“After this He went out and saw a man at his work collecting taxes. Jesus said, ‘Come along with me.’ And he did – walked away from everything and went with Him.

“Levi gave a large dinner at his home for Jesus. Everybody was there, tax men and other disreputable characters as guests at the dinner. The Pharisees and their religion scholars came to His disciples greatly offended. ‘What is He doing eating and drinking with crooks and “sinners”?’ Jesus heard about it and spoke up, ‘Who needs a doctor; the healthy or the sick? I’m here inviting outsiders, not insiders — an invitation to a changed life, changed inside and out.'” Luke 5:27-31.

Levi? A tax man? Jesus called him? And then Levi throws a party and invites all the scum from the underworld? And Jesus goes there?

What was He thinking? And then He actually eats with them? Isn’t that taking things a bit too far? Jesus was the God-man remember, and God was eating with them!

We are so used to reading the story that it doesn’t impact us like it impacted those religious men. How could this Jesus, who said He was God, whom Habakkuk said was of purer eyes than to look at evil, actually sit down and eat a meal with known “sinners” – people who habitually and deliberately broke the law and did nothing about it? They probably never went near the Temple, let alone offered a sacrifice to atone for their wickedness.

To share a meal with someone in that culture had great significance. You never ate with someone with whom you had issues. Eating a meal was a signal to everyone around that you were reconciled. God reconciled? To these people?

By celebrating with the “outsiders”, Jesus was making a profound statement. God and sinners were reconciled! But how could that be? Where was the sacrifice? He was there, with them, right before their eyes – the Lamb of God, slain from before the foundation of the world, taking away the sin of the world. The world? Yes.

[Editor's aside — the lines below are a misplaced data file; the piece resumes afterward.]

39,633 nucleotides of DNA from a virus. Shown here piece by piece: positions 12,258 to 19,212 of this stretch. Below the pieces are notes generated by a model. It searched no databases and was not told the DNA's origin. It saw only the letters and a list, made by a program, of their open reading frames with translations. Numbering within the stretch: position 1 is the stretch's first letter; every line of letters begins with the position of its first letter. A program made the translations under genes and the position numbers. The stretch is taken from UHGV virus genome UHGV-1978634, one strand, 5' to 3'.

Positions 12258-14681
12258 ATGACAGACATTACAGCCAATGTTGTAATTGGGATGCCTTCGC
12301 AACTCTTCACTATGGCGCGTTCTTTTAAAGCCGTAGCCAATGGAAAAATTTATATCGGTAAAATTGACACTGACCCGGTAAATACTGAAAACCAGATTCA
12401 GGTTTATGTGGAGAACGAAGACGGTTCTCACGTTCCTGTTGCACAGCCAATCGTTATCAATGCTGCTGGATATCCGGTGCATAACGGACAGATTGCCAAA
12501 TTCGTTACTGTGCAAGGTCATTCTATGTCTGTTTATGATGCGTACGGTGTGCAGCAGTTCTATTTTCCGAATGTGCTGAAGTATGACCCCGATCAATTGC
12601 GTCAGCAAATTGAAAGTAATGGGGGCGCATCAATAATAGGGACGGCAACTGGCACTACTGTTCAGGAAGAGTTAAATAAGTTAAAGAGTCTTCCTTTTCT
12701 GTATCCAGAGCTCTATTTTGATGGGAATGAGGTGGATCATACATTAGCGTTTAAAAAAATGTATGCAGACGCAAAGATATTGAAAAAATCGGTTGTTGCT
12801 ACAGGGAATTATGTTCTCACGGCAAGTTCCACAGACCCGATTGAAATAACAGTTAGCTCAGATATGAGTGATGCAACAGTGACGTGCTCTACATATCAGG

These despised outcasts were just as much sons of God as the scribes and Pharisees who thought they had exclusive rights to God because of their “performance”. In Jesus’ story of the “prodigal son”, both sons were in the far country, the younger one in body and the older one in attitude. For the father, it was more difficult to win his older son back than the younger because he was so convinced that he was right.

Jesus not only taught but He showed that God is far less concerned about what people do as He is about who they are. On the basis of the atoning sacrifice of His Son, the Father receives whoever is willing to come home because they are sons and daughters – wayward yes, but nevertheless His children.

“‘For in Him we live and move and have our being.’ As some of your poets have said, ‘We are His offspring.'” Acts 17:28 (NIV).

That was something the Pharisees could not understand because they based everything on their performance, especially what they did for public scrutiny. What was in their hearts was unseen and therefore irrelevant, so they thought.

Jesus’ little barb must have hit home because they had nothing more to say. ‘It’s the sick who need healing, not those who think they are well.’ The greatest of all tragedies was that they were blissfully unaware of how sick they really were. It’s those who think they are okay who need the healing the most.

It’s better to be honest than to be fooled. The riff-raff of society in Jesus’ day welcomed Him because they knew how sick they were. There was a connection because He responded to their honesty. He could not connect with the religious people because they had built a wall of pretence they were not willing to demolish and only they could break it down.

What about you? Draw near to God and He will draw near to you.

Categories: Bible Study Tags: , ,

Luella Campbell

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